Thursday, June 30, 2011

The High Cost Of Small Town Police Forces

The nation's economic woes are starting to manifest themselves here in Texas with local governments cutting back on services and in some cases, laying off law enforcement officers. I have been in law here in Texas for over twenty years and this is the first time I have seen Texas agencies actually lay off cops.

There is a story over at the Wall Street Journal about the small town of Alto, Texas whose city council just made the tough decision to furlough their entire five man department. Residents in Alto are fearful that crime in Alto is about to jump.

"Everybody's talking about 'bolt your doors, buy a gun,' " said Monty Collins, Alto's mayor, who was against the measure.

City Council members sent the police home when they decided they couldn't afford them. On June 15, the police chief and his four officers secured the evidence room, changed the passwords on their computers and locked the department's doors for six months—longer if local finances don't improve by then.

Of course, the model of every community having their own independent police force is not one that's universally used worldwide. Many countries have large national or regional police forces that cover communities of all sizes, from small to large.

Critics of national or regional police forces will argue that a community controlling their own police force makes for better community policing. However, it is possible to have community policing with a large police force. There are only a few regional police forces in the UK and they have always been at the forefront of community policing.

It may be more cost effective for law enforcement to be practiced by larger, more professional agencies than by small departments of 10 or fewer officers. When I lived in southern California, there were quite a number of communities that found it more cost effective to outsource their police services by contracting with the county sheriff to provide law enforcement in their community.

One benefit of larger, more professional police forces would be the reduction in the number of gypsy cops who always seem to be employed by small town police departments.

Maybe the belt tightening forced by the economy will force some systemic changes in the way we deliver law enforcement services in our communities.

2 comments:

  1. Having done some work with police agencies in other countries during the last few years, I've grown attuned to how horribly inefficient the U.S. fragmentation of law enforcement is.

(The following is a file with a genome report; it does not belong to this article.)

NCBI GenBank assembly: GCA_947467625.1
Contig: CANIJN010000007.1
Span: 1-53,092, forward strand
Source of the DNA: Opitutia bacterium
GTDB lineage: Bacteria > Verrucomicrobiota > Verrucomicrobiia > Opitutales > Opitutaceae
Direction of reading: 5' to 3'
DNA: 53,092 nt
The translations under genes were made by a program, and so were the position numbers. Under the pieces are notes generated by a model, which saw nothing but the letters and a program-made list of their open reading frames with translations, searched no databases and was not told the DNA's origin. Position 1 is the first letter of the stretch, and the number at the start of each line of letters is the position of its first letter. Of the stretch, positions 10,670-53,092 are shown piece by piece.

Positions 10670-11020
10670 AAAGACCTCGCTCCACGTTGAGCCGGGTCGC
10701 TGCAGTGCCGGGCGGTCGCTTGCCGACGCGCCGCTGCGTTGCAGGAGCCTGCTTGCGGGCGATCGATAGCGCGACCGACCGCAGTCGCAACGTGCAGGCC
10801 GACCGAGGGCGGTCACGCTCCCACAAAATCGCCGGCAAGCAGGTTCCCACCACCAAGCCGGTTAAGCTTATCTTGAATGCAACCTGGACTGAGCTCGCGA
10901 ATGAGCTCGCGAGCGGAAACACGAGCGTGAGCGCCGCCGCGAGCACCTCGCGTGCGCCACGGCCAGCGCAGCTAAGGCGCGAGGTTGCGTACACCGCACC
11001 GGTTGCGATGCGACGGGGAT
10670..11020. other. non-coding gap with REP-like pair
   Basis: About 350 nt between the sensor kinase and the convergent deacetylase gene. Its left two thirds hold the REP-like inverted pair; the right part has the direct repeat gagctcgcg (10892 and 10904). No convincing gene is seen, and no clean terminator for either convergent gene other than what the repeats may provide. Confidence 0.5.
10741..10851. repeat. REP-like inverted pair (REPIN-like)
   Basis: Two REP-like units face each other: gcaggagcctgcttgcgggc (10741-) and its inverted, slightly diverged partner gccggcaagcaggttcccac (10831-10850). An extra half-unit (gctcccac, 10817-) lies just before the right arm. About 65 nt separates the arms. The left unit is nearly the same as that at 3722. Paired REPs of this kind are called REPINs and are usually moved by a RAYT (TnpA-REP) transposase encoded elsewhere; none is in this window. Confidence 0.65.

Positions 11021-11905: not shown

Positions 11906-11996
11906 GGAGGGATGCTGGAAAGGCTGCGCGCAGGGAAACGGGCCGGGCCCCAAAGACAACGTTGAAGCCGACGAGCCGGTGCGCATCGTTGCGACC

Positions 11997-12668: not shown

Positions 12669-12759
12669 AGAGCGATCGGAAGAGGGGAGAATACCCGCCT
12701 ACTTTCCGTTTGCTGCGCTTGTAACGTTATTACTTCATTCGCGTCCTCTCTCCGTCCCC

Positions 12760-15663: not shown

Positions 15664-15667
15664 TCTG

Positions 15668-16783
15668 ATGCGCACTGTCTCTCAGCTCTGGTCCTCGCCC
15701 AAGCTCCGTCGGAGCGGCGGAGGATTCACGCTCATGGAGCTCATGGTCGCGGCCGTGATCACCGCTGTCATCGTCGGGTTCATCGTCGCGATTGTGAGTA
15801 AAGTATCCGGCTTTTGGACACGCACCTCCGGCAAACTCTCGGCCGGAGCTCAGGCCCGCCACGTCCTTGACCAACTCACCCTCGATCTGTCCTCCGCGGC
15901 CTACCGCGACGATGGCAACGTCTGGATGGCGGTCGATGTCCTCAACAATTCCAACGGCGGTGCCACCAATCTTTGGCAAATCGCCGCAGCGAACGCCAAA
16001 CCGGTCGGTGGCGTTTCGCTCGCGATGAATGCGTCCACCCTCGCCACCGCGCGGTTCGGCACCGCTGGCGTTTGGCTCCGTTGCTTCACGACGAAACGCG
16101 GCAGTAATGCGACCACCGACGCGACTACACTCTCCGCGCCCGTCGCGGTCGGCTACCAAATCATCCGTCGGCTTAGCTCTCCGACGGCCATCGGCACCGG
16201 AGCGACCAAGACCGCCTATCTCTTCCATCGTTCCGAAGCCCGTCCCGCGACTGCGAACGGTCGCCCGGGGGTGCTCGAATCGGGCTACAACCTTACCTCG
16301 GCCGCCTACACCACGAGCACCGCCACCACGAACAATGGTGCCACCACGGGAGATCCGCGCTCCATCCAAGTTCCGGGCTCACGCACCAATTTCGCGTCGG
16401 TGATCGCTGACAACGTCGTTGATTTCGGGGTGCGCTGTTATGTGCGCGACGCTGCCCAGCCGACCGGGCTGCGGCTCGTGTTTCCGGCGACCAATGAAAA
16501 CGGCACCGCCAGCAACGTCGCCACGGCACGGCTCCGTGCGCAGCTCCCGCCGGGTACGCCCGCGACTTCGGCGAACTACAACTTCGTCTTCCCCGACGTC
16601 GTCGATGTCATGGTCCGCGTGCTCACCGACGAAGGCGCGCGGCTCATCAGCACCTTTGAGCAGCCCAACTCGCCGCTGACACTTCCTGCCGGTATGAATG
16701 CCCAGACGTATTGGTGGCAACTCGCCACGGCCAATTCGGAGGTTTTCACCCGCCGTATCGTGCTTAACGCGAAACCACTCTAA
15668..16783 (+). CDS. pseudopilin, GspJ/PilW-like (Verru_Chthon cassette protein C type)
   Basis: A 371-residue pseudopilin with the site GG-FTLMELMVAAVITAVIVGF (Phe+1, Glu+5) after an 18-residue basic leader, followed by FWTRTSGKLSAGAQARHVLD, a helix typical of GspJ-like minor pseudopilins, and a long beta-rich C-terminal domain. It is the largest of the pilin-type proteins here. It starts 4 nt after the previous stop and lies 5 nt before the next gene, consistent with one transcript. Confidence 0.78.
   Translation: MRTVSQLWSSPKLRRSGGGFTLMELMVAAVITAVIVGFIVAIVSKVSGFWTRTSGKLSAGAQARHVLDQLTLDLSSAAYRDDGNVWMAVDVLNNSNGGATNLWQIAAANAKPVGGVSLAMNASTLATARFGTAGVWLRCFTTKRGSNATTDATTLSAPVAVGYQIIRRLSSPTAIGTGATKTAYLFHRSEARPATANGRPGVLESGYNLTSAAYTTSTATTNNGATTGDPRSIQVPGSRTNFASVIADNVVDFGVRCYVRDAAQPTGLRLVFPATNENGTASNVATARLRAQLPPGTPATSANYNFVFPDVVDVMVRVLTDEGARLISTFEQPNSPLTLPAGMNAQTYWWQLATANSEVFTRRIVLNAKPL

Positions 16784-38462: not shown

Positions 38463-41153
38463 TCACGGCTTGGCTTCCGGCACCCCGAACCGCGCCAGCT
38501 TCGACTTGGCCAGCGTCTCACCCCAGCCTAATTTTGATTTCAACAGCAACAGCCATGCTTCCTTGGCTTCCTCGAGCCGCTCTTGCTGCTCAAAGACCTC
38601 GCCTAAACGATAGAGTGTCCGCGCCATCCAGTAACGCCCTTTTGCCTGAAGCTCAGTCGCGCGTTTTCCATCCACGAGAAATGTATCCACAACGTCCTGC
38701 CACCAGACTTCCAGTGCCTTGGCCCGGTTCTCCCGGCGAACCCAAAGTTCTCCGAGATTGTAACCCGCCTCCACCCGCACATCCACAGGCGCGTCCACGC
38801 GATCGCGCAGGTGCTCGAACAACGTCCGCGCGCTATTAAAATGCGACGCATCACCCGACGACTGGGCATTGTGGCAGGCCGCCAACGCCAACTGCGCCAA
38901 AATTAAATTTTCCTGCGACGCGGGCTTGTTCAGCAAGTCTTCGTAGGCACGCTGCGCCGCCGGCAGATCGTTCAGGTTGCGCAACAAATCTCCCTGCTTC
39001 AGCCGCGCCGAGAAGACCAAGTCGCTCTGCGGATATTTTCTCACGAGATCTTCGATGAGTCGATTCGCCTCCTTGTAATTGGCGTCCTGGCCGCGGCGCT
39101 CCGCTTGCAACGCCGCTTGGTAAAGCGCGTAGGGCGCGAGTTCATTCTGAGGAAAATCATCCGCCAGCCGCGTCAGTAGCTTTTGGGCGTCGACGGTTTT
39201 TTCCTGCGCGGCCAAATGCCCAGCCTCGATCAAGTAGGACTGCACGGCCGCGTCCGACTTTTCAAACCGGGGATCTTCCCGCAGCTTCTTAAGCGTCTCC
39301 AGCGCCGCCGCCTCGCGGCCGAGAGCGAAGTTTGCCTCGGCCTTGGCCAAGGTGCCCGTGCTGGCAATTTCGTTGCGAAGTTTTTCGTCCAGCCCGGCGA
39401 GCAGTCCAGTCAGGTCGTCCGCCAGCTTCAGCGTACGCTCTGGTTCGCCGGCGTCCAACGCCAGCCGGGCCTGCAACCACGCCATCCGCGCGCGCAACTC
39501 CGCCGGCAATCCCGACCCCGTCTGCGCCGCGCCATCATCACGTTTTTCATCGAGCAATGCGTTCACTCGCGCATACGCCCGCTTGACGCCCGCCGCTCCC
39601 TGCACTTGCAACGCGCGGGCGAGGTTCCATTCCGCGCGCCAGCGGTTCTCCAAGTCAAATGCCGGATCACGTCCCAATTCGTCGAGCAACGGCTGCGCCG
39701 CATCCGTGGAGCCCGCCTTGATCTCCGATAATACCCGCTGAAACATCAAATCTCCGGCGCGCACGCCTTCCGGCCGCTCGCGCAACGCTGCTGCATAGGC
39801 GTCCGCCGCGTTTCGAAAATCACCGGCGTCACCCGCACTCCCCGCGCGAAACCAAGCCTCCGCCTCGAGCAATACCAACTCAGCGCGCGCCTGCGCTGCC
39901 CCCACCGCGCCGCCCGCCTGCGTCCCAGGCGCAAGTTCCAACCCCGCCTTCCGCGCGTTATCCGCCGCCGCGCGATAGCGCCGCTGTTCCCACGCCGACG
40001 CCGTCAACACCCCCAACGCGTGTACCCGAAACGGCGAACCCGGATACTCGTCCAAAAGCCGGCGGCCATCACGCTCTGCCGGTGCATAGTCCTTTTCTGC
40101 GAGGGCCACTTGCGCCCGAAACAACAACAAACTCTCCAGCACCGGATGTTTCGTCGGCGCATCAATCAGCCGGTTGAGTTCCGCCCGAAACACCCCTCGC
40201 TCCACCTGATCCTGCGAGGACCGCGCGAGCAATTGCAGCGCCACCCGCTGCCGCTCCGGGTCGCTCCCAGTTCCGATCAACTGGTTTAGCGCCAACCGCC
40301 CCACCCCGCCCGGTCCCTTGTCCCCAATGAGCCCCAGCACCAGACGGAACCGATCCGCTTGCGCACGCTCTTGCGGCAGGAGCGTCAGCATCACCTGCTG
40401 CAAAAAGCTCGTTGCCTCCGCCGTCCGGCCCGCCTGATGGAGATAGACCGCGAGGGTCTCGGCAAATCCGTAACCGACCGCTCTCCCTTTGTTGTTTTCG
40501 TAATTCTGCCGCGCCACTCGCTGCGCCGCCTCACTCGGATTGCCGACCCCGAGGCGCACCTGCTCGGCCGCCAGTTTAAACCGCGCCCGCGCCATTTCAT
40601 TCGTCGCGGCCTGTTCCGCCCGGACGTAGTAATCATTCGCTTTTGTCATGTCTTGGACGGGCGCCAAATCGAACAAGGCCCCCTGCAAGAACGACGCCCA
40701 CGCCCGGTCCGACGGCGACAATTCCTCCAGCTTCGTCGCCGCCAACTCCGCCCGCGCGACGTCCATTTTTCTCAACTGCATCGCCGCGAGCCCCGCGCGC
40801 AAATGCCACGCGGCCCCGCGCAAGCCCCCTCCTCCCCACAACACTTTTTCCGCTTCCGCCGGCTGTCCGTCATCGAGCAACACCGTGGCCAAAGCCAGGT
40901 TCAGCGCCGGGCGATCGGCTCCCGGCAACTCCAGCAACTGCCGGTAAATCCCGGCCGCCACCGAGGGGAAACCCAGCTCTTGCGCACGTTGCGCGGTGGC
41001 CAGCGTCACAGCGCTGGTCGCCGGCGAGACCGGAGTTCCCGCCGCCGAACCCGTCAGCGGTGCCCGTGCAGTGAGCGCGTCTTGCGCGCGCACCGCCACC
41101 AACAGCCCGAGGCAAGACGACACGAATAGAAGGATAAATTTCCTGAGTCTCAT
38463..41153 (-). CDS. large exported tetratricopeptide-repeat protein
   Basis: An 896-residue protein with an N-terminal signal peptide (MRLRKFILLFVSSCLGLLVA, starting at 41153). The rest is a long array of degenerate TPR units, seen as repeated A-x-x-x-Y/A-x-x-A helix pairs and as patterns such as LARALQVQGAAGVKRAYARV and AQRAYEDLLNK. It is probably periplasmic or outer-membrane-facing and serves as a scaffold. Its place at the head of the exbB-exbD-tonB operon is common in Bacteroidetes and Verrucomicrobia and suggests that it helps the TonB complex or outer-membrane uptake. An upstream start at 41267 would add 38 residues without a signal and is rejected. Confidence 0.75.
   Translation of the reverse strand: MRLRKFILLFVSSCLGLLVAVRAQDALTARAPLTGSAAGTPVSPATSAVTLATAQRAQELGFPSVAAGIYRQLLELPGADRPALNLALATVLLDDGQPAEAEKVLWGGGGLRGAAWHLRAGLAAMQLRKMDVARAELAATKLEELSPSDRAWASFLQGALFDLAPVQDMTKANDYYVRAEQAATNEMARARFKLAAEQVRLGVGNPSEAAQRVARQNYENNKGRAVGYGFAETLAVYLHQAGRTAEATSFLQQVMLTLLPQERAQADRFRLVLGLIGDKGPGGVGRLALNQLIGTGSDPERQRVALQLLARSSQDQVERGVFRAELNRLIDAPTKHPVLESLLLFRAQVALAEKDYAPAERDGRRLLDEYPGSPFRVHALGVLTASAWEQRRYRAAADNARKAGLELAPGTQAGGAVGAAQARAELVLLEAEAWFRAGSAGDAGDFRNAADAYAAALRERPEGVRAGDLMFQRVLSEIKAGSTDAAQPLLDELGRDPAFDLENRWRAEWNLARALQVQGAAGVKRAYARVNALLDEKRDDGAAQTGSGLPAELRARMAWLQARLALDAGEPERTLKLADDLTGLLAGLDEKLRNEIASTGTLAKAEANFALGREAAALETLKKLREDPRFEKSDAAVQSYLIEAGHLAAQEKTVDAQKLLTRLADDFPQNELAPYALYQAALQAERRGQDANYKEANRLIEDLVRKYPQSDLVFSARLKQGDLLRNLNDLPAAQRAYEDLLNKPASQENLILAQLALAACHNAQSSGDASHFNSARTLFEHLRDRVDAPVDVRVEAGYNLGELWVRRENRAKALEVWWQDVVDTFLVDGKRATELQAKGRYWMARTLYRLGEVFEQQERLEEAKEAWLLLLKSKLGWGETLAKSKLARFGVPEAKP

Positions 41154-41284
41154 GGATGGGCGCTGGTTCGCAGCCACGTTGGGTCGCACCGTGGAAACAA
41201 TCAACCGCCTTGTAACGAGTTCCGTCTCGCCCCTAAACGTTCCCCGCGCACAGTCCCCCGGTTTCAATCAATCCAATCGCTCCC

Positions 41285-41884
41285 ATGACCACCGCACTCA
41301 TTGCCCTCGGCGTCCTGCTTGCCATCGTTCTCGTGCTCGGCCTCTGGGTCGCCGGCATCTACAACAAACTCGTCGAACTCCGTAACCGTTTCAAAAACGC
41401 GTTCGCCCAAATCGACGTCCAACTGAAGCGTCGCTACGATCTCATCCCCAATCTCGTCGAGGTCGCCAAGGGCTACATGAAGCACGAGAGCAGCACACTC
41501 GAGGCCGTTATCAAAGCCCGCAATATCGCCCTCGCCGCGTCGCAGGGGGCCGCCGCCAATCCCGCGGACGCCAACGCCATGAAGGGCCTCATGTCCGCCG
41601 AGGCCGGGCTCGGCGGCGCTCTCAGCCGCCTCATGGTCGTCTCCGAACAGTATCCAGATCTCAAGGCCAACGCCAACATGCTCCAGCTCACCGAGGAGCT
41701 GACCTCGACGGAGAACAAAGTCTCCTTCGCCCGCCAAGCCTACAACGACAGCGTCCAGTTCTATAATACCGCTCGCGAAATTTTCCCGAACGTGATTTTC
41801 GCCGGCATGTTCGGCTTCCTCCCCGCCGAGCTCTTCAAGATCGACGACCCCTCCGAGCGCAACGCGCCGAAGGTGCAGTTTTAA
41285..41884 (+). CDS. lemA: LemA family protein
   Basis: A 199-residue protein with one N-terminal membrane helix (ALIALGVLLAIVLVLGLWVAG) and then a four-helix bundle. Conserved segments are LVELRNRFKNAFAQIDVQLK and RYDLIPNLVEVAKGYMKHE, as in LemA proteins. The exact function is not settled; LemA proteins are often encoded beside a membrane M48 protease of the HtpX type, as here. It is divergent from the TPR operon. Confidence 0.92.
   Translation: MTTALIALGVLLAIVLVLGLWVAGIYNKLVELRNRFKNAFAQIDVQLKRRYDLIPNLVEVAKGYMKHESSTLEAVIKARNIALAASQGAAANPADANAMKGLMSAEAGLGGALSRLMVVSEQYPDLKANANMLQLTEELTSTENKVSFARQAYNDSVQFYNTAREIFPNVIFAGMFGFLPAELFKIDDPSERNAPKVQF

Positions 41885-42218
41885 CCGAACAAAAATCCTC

Crime patterns and series are overlooked because of fragmented data systems. Many small towns go without adequate coverage. There is enormous waste associated with duplication of resources in special positions. And I generally agree with your association of "larger" and "more professional."

    More important to our own field, jurisdictions with less that a few dozen officers will never be able to justify a full-time crime analyst. Some of them appoint an officer to fill the role part time, but it is rare that I find the same dedication to training and professional growth among people for whom crime analysis is one of six duties they have. This means that you have enormous swaths of the country--very notably in my own part, New England--covering millions of people in which there is no real crime analysis capability because those millions of people are fragmented among towns with 5, 15, 25 officers.

    Unfortunately, it is rare to find joint police forces serving multiple municipalities. I think you're right that the California system, in which county sheriffs often handle law enforcement services for small cities and towns, is a sensible system. Most of the territory south of Bakersfield is covered by some professional crime analysis capability.

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  2. Chris, While you could feasibly offer regional crime analysis services to a bunch of small communities, the big issue would be the lack of a unified records system for all these little agencies.

    In spite of the pain associated with the poor economy, if it forces law enforcement to become more efficient that would be a good thing.

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